Key-point based tracking for illegally parked vehicle detection

Gao, Xing (2021) Key-point based tracking for illegally parked vehicle detection. Doctoral thesis (PhD), University of Sussex.

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Abstract

This research aims to develop a target detection and tracking system that can realize real-time video surveillance. The purpose of the research is to realize a monitoring application that can run automatically and intelligently to detect and track illegally parked vehicles. Since the application scenario of the algorithm is a real traffic environment, it must be able to adapt to complex environmental interference, such as drastic changes in lighting conditions, frequent occlusion, and long-term stable tracking.

The thesis shows the detailed design process and test results of the system. This algorithm combines the target detection function based on deep learning network and the multi-object tracking algorithm based on key point matching. The method shown in the thesis focuses on detecting and tracking stationary vehicles in the no parking area. An object detection algorithm based on a deep learning network is used to recognize vehicles. Once the recognized vehicle is defined as an illegally parked vehicle through the determination of its motion state and location, an algorithm based on key-point matching is developed and tracked for this type of vehicle. If the target is still stationary in the no parking area after a period, the system will generate an alarm.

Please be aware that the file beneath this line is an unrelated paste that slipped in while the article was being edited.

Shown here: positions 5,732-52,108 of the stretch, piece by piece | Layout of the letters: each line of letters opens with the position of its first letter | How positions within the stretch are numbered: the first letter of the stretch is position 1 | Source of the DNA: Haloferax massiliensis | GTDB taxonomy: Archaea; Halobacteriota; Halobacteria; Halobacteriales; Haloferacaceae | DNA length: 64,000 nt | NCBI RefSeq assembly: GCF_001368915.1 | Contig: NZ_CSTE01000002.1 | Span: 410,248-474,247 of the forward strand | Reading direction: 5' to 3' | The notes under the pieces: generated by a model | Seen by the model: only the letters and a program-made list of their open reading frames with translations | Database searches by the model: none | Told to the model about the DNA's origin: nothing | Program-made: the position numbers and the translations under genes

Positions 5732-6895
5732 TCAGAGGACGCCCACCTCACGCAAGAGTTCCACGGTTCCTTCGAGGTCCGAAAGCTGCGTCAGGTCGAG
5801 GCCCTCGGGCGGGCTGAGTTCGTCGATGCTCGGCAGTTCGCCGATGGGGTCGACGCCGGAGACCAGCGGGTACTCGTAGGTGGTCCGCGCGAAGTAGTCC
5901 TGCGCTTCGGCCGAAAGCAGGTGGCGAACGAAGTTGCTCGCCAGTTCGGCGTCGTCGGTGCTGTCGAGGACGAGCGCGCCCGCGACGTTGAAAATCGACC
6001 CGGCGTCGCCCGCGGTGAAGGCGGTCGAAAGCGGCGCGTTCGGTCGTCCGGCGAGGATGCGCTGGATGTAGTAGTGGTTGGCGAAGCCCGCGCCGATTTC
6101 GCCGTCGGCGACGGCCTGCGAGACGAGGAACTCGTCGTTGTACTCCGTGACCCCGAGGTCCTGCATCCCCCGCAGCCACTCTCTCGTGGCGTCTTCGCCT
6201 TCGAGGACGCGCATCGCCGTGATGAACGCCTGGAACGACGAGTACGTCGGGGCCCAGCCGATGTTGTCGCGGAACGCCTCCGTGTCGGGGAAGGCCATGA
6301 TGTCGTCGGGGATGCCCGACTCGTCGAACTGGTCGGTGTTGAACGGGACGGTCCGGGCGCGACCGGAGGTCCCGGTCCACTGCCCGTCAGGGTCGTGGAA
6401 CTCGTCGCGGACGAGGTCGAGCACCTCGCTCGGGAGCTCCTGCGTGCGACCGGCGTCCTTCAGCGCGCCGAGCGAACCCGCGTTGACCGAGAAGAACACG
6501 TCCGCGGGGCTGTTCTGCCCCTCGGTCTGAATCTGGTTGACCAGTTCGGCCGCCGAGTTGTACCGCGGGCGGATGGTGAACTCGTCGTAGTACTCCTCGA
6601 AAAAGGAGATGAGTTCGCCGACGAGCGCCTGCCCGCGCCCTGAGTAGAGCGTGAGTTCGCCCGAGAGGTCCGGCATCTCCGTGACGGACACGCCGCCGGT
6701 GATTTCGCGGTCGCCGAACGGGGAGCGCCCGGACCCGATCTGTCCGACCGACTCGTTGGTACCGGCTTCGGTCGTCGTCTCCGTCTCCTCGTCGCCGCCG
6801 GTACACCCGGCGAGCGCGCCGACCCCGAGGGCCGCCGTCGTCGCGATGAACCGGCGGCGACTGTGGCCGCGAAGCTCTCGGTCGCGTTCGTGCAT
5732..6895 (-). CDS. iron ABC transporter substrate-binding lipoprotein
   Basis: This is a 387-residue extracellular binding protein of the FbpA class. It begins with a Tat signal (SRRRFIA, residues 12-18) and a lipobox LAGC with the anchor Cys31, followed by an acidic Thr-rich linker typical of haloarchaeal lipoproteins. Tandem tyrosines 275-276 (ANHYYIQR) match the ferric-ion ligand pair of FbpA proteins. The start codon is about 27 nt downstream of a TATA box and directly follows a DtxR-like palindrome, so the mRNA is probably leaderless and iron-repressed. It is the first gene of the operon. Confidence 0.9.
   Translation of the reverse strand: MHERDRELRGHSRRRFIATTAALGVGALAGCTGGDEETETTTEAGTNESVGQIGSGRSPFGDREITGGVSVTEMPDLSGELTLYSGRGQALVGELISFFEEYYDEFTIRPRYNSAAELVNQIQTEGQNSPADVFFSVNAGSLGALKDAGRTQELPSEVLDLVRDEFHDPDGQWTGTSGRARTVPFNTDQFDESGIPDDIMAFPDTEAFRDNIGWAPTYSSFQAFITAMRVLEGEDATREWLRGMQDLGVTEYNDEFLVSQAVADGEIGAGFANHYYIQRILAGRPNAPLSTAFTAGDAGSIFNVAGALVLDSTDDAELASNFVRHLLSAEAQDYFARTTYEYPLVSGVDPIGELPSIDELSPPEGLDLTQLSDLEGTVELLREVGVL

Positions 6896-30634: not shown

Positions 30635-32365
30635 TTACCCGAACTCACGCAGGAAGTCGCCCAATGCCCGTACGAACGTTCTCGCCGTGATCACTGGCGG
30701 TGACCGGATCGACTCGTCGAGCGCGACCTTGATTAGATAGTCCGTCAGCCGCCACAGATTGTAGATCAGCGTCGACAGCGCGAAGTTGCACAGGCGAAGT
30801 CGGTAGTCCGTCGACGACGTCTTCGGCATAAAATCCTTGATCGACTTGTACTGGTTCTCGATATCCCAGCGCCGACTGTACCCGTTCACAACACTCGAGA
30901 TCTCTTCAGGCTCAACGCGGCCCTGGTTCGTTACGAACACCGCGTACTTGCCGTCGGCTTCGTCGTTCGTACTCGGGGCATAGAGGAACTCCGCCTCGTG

The method was tested in more than 20 hours of video. The video comes from public database and our own. They all show real surveillance scenes, including different time periods of the day and different locations. The test results show that the method achieves 100% in precision (also called positive predictive value), 95% in recall (also known as sensitivity) and 97% in F1 (a measure that combines precision and recall). The results obtained also produce better detection and tracking compared to other comparable methods.

Item Type: Thesis (Doctoral)
Schools and Departments: School of Engineering and Informatics > Engineering and Design
Subjects: T Technology > TK Electrical engineering. Electronics Nuclear engineering > TK7800 Electronics > TK7880 Applications of electronics
Depositing User: Library Cataloguing
Date Deposited: 17 Nov 2021 12:26
Last Modified: 17 Nov 2021 12:26
URI: http://sro.sussex.ac.uk/id/eprint/102982

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